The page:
≡ Menu

The Slow and Steady passive portfolio update: Q3 2020

The Slow and Steady passive portfolio was up in the third-quarter

For a relatively flat quarter, things don’t half feel nervy at the moment. Our Slow & Steady Passive Portfolio scraped a 2% gain over the last three months. We’re up year-to-date by a miraculous-seeming 5%.

All hail massive fiscal expansion! It feels about as real as a cartoon character running on air after running out of road.

Don’t look down! But do look at these soothing quarterly numbers brought to you by Pangloss-o-vision:

The annualised return of the portfolio is 8.94%.

The Slow and Steady portfolio is Monevator’s model passive investing portfolio. It was set up at the start of 2011 with £3,000. An extra £976 is invested every quarter into a diversified set of index funds, tilted towards equities. You can read the origin story and catch up on all the previous passive portfolio posts.

Age of uncertainty

The thing about living in an age of uncertainty is that even a week feels like ages. It’s as though each revelation from the relentless drip-feed of my news app must herald some fate-altering butterfly effect.

Every crunch of the COVID statistics, every mood-shift in the US polls, every whisper about the President’s health pushes a button – demands an urgent update of my world view, working practices, and portfolio position. It’s a switchback ride between exhilaration and exhaustion. No wonder we’re hyperactive.

Unless we’re passive investors, of course. In which case we try to sit back and enjoy endure the ride.

There must be something you can do, Dr Accumulator?

One of the less acknowledged truisms about our portfolios is that they represent mini-models of the world through which we try to impose order on the chaos.

Like playing Sim City or building a model railway, our portfolios enable us to pull levers that make us feel like we’re in charge. For a few precious minutes at least.

There’s clearly a correlation between anxiety level and portfolio change. I spent an afternoon wondering what I should change about the Slow & Steady portfolio to bolster it against the paradigm shift that surely must have occurred these last few months.

Doing nothing in these circumstances is like believing that JFK was shot by a lone gunman. Naive!

But what to do? Let’s run through the gamut:

  • Buy gold – the ultimate chaos insurance. Shame it’s already appreciated 20% in the last year.
  • Ditch bonds – who wants to earn negative yields? But there’s no better volatility buffer.
  • Investigate alt investments – feels like diving into a shark pool covered in tuna paste. These seem to be classic black box traps for investors wanting to believe in miracles.
  • Reread my Investment Policy Statement – like Van Helsing clutching a crucifix before the Prince Of Darkness. (Yeah, right! Does anybody ever do this? Ya, dweebs.)
  • Cut some costs – maybe, but our funds still look pretty competitive bar some new ETFs on the block that don’t yet have a convincing track record.
  • Change platform – Result! There’s something in this.

It turns out that moving our model portfolio to a new platform would cut our costs. It’s the one constructive change I can make that doesn’t require pre-cog ability, and it also usefully diverts my unquiet mind.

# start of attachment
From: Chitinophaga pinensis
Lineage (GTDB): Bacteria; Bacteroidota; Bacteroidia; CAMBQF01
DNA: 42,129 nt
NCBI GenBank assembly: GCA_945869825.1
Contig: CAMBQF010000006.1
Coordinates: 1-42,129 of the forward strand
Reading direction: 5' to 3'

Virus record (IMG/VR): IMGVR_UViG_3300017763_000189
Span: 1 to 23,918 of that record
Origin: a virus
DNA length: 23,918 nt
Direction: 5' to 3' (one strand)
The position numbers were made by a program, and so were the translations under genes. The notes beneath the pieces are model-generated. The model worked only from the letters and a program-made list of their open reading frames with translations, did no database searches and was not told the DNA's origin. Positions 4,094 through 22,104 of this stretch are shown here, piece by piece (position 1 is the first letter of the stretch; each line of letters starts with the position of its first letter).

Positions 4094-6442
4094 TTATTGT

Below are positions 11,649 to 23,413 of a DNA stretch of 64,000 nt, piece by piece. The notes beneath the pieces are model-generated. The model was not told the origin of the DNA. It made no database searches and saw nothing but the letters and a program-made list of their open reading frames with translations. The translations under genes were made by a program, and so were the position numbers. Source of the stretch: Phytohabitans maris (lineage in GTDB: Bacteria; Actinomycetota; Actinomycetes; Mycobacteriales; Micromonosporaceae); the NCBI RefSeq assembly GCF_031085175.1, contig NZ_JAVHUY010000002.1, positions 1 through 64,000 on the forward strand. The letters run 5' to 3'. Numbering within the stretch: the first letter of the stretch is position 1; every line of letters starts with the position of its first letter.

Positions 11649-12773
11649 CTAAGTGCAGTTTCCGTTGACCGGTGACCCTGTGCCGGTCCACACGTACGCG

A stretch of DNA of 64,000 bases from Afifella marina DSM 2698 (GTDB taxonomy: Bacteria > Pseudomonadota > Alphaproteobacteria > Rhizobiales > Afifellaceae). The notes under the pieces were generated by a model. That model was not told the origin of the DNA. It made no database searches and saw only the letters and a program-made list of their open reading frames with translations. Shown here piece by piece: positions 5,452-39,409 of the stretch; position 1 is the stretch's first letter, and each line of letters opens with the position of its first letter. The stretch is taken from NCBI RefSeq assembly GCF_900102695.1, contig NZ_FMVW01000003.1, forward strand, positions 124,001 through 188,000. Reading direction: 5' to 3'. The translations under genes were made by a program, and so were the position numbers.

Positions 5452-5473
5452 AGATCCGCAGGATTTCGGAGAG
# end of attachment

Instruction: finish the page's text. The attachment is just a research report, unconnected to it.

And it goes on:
Change management

Right now we’re notionally paying 0.25% in platform fees on a portfolio valued around £57,000 – that’s £142 per year.

Move to Lloyds Share Dealing though and we’d pay:

  • £40 platform fee for our stocks and shares ISA.
  • £42 for a year’s worth of fund purchases (£1.50 x seven funds x four quarterly trades)
  • An estimated £12 for rebalancing sales1 (£1.50 x eight)
  • Total platform costs at Lloyds would be approx £94.

Or 33% less than our current outlay of £142, which is only likely to rise.

Okay, now that’s a change worth making – assuming Lloyds have the funds we want. I’ll investigate that and look to switch the Slow & Steady portfolio to a flat-fee broker in the next episode.

Otherwise, I’m just gotta sit on my hands. Where’s my passive investor’s bible?

New transactions

Every quarter we mix £976 into our financial cocktail while the Chancellor sprays everyone with punch. Our animal spirits are split between our seven funds according to our predetermined asset allocation.

We rebalance using Larry Swedroe’s 5/25 rule. That hasn’t been activated this quarter.

These are our trades:

UK equity

Vanguard FTSE UK All-Share Index Trust – OCF 0.06%

Fund identifier: GB00B3X7QG63

New purchase: £48.80

Buy 0.276 units @ £177.38

Target allocation: 5%

Developed world ex-UK equities

Vanguard FTSE Developed World ex-UK Equity Index Fund – OCF 0.14%

Fund identifier: GB00B59G4Q73

New purchase: £361.12

Buy 0.872 units @ £414.10

Target allocation: 37%

Global small cap equities

Vanguard Global Small-Cap Index Fund – OCF 0.29%

Fund identifier: IE00B3X1NT05

New purchase: £58.56

Buy 0.194 units @ £301.81

Target allocation: 6%

Emerging market equities

iShares Emerging Markets Equity Index Fund D – OCF 0.18%

Fund identifier: GB00B84DY642

New purchase: £87.84

Buy 50.922 units @ £1.73

Target allocation: 9%

Global property

iShares Global Property Securities Equity Index Fund D – OCF 0.17%

Fund identifier: GB00B5BFJG71

New purchase: £48.80

Buy 25.272 units @ £1.93

Target allocation: 5%

UK gilts

Vanguard UK Government Bond Index – OCF 0.12%

Fund identifier: IE00B1S75374

New purchase: £302.56

Buy 1.594 units @ £189.86

Target allocation: 31%

Global inflation-linked bonds

Royal London Short Duration Global Index-Linked Fund – OCF 0.27%

Fund identifier: GB00BD050F05